Front Page Titles (by Subject) 135.: Letter to Mme Cheuvreux - The Collected Works of Frédéric Bastiat. Vol. 1: The Man and the Statesman: The Correspondence and Articles on Politics
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135.: Letter to Mme Cheuvreux - Frédéric Bastiat, The Collected Works of Frédéric Bastiat. Vol. 1: The Man and the Statesman: The Correspondence and Articles on Politics 
The Collected Works of Frédéric Bastiat. Vol. 1: The Man and the Statesman: The Correspondence and Articles on Politics, translated from the French by Jane and Michel Willems, with an introduction by Jacques de Guenin and Jean-Claude Paul-Dejean. Annotations and Glossaries by Jacques de Guenin, Jean-Claude Paul-Dejean, and David M. Hart. Translation editor Dennis O’Keeffe (Indianapolis: Liberty Fund, 2011).
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Letter to Mme Cheuvreux
Paris, 3 May 1849
[Lettres d’un habitant des Landes, p. 16]
Please allow me to send you a copy of my letter to the electors. This is certainly not to have your political opinion on it, but these documents are above all a matter of tact and delicacy. You have to talk about yourself a lot in them and how do you avoid either false modesty or outrageous vanity? How do you show yourself to be sensitive to ingratitude without falling into the ridiculous category of being misunderstood? It is very difficult to reconcile dignity with the truth. I think that a woman is above all suitable for pointing out any faults of this nature, provided that she is frank enough to say so. It is for this reason that I am sending you this piece of homework in the hope that you will be willing to read it and help me to avoid improprieties if they occur. I have learned that you are starting your salons again this evening. If I can escape from a meeting in which I will be kept a little late, I will come to receive your advice. Is this not a strange mission I am giving you and an opportunity to say with Faucher that “You really have to come from the wide Landes to be gallant in this style.”
Have you had the patience to read last night’s session?268 What a sad conflict! In my opinion, an act of more than doubtful morality would have become excusable by a simple admission, especially as the responsibility for it lay with Faucher’s predecessors. It is the system of defense that is pitiful. And then the representatives who hope to become ministers came to inflame and exploit the fault. Ah, madam! Am I condemned to go from one setback to another? Will it be necessary for me, who left the region as a believer, to return to it as a skeptic? It is not my faith in humanity that I fear to lose, that is unshakeable, but I need also to believe in a few of my contemporaries, in the people I see and who surround me. Faith as a general principle is not enough for me.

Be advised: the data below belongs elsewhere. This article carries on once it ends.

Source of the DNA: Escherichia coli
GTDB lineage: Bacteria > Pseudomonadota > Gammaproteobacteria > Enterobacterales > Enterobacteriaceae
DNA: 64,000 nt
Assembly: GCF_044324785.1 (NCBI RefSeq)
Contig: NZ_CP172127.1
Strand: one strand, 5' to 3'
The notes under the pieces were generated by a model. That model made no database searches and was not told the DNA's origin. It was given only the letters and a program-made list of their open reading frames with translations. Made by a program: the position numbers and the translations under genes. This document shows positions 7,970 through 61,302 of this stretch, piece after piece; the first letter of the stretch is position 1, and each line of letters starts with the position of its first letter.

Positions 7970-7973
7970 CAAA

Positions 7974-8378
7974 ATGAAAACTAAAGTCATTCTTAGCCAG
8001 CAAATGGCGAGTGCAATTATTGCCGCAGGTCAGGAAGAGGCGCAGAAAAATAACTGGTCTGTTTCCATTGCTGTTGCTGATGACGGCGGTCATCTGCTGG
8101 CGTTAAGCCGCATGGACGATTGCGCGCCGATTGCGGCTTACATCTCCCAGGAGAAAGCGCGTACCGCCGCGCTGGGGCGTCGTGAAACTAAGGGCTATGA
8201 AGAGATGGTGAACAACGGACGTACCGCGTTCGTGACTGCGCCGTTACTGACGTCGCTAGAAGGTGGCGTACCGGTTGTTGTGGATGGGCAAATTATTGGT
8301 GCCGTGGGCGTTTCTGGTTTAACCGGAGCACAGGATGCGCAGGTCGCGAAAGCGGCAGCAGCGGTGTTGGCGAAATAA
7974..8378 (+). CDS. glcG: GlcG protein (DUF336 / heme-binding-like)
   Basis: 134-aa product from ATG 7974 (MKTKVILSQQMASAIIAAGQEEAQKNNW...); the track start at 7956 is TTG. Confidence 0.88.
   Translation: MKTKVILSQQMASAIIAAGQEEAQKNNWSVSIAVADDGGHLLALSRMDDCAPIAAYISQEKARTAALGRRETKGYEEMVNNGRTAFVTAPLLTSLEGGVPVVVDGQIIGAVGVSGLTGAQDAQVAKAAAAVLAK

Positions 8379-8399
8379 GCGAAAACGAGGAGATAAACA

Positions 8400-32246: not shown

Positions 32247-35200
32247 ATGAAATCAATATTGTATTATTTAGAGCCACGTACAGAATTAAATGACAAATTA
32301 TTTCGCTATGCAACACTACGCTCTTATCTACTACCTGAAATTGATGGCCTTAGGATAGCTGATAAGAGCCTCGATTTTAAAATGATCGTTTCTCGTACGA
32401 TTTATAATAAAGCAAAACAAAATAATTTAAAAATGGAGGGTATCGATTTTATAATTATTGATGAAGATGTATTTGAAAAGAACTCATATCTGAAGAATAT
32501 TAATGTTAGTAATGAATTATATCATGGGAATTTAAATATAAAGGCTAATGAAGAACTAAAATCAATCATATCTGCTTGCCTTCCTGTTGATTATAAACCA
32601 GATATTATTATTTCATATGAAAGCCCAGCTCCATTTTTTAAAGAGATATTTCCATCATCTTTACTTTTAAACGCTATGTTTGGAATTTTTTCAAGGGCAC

Here is a pamphlet on Biarritz; I am sure that when you read it you will say, “That is where we ought to go269 to give my beloved Louise a strong constitution.”
The author of this pamphlet wanted me to hand it over to one of my friends in a position close to the president of the Republic (always this Proteus of lobbying); I could not carry out this commission because of the word Prince, clumsily deleted in front of the name Joinville; this author,270 a doctor, had also asked me to write a preface in the form of an apology. “But I do not know anything about medicine,” I said to him. “Well then, hide your science behind your feelings.” I then set about it. This introduction has no other merit than a certain sobriety of description, which is not very fashionable. As I am very fond of Biarritz, I am trying to do some advertising for it.
What a long letter this is! I will be outdoing M. Blondel.